When Joseph Stalin met Winston Churchill

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The Independent Culture
Here was Churchill, staunch anti-Bolshevist - the man who in 1919 had spearheaded Allied military intervention against the Red Army - flying off to Moscow to confer with that commissar of commissars Joseph Stalin. The irony was not lost on either man. But by August 1924, Russia had been under heavy German attack for 14 months, and the prime minister thought it politic to inform the Soviet marshal personally that his allies were not ready for a second front in Europe that year. Stalin would not be pleased.

State Villa No 7, where Churchill was taken upon arrival, was a luxurious country house with a more modern bathroom than the one at Chequers, and goldfish in the garden like those at Chartwell. The Soviet leader received Churchill at the Kremlin that evening and, as expected, did not like his news. Stalin exuded displeasure. A man not prepared to take risks could not win a war, he grumbled. Troops must be blooded in battle. Churchill kept his cool. He forbore mention of his host's not-so-distant non-aggression pact with their now shared enemy, and then placated him by divulging plans for Operation Torch, against German forces in North Africa.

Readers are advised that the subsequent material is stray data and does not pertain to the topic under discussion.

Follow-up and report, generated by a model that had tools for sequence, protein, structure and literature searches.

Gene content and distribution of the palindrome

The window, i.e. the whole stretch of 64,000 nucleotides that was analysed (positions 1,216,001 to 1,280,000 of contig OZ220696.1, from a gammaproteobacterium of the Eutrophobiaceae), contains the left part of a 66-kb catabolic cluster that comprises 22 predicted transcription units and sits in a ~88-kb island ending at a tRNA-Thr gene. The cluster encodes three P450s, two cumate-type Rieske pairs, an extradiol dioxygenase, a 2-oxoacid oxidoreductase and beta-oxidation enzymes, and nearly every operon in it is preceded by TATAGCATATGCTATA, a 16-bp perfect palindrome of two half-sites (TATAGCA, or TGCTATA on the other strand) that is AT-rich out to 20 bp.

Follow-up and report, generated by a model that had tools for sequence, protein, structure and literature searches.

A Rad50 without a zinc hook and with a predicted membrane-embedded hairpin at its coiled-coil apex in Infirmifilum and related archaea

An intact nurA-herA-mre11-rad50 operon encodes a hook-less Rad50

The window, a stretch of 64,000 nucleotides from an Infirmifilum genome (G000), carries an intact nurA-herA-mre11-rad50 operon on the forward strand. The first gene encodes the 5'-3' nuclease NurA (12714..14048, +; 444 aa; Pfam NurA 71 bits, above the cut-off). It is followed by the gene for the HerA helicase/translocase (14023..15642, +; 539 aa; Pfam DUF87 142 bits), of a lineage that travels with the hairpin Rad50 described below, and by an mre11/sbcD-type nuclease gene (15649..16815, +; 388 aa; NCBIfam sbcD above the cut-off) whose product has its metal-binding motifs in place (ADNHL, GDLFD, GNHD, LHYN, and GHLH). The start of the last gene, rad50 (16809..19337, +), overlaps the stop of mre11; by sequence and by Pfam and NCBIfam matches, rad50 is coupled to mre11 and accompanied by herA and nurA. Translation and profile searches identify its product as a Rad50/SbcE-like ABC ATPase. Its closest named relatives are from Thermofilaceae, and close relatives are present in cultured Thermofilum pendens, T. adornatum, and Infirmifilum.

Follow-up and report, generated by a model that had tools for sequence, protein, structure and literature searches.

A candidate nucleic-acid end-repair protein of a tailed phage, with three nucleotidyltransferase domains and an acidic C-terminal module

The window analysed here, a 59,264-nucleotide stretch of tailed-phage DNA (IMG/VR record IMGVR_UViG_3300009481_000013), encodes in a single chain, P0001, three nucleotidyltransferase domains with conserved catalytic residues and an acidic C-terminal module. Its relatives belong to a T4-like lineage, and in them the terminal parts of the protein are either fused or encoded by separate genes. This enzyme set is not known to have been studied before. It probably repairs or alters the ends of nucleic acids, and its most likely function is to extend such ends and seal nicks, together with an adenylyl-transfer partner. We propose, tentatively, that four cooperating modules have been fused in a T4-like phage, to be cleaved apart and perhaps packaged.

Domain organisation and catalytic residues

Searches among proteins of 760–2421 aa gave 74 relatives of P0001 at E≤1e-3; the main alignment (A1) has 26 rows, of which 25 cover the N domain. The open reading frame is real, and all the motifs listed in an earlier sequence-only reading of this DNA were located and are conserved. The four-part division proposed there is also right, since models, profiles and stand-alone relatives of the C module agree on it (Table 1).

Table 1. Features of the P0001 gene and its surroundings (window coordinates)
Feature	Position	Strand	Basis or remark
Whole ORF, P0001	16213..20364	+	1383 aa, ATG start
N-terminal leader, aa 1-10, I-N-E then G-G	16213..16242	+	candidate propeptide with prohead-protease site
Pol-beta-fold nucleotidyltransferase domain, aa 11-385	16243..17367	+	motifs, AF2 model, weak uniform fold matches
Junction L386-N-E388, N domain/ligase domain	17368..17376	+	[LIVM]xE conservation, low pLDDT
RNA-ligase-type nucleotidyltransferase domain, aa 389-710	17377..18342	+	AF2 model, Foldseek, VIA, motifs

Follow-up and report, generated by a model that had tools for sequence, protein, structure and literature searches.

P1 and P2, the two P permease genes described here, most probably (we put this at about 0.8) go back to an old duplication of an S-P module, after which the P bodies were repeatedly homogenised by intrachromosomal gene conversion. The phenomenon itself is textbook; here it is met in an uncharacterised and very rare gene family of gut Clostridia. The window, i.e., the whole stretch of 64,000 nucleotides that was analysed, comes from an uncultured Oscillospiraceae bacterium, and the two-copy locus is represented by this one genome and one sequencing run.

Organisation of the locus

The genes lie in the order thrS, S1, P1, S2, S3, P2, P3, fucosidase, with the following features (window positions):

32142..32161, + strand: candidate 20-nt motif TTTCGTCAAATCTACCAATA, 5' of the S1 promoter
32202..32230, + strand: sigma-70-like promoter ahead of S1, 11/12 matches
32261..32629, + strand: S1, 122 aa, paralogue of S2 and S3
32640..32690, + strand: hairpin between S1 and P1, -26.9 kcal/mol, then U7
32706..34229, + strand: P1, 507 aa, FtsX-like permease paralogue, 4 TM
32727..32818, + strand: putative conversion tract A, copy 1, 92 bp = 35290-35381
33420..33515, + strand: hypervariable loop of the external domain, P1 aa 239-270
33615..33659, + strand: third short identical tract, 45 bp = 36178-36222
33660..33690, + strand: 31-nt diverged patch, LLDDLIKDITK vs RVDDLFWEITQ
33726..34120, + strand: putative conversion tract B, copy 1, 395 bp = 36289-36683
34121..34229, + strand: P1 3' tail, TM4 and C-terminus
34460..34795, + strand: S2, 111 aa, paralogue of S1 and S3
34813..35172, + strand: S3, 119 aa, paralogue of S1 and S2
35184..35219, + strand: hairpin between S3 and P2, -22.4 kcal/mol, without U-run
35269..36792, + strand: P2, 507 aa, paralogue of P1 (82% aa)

Discord continued, but on the last evening, when Churchill came to say goodbye, Stalin softened. He suggested drinks at his house, which was reached by many twists and turns within the Kremlin. His daughter - a handsome redhead, Churchill observed - laid the table while her father uncorked various bottles. The hour that Churchill had planned for extended to seven. Talk and wine flowed freely, and in a moment of rare intimacy Stalin admitted that even the stresses of war did not compare with the terrible struggle to force the collective-farm policy on the peasantry. Millions of kulaks had been, well, eliminated. The historian Churchill thought of Burke's dictum, "If I cannot have reform without injustice, I will not have reform", but the politician Churchill concluded that with the war requiring unity, it was best not to moralise aloud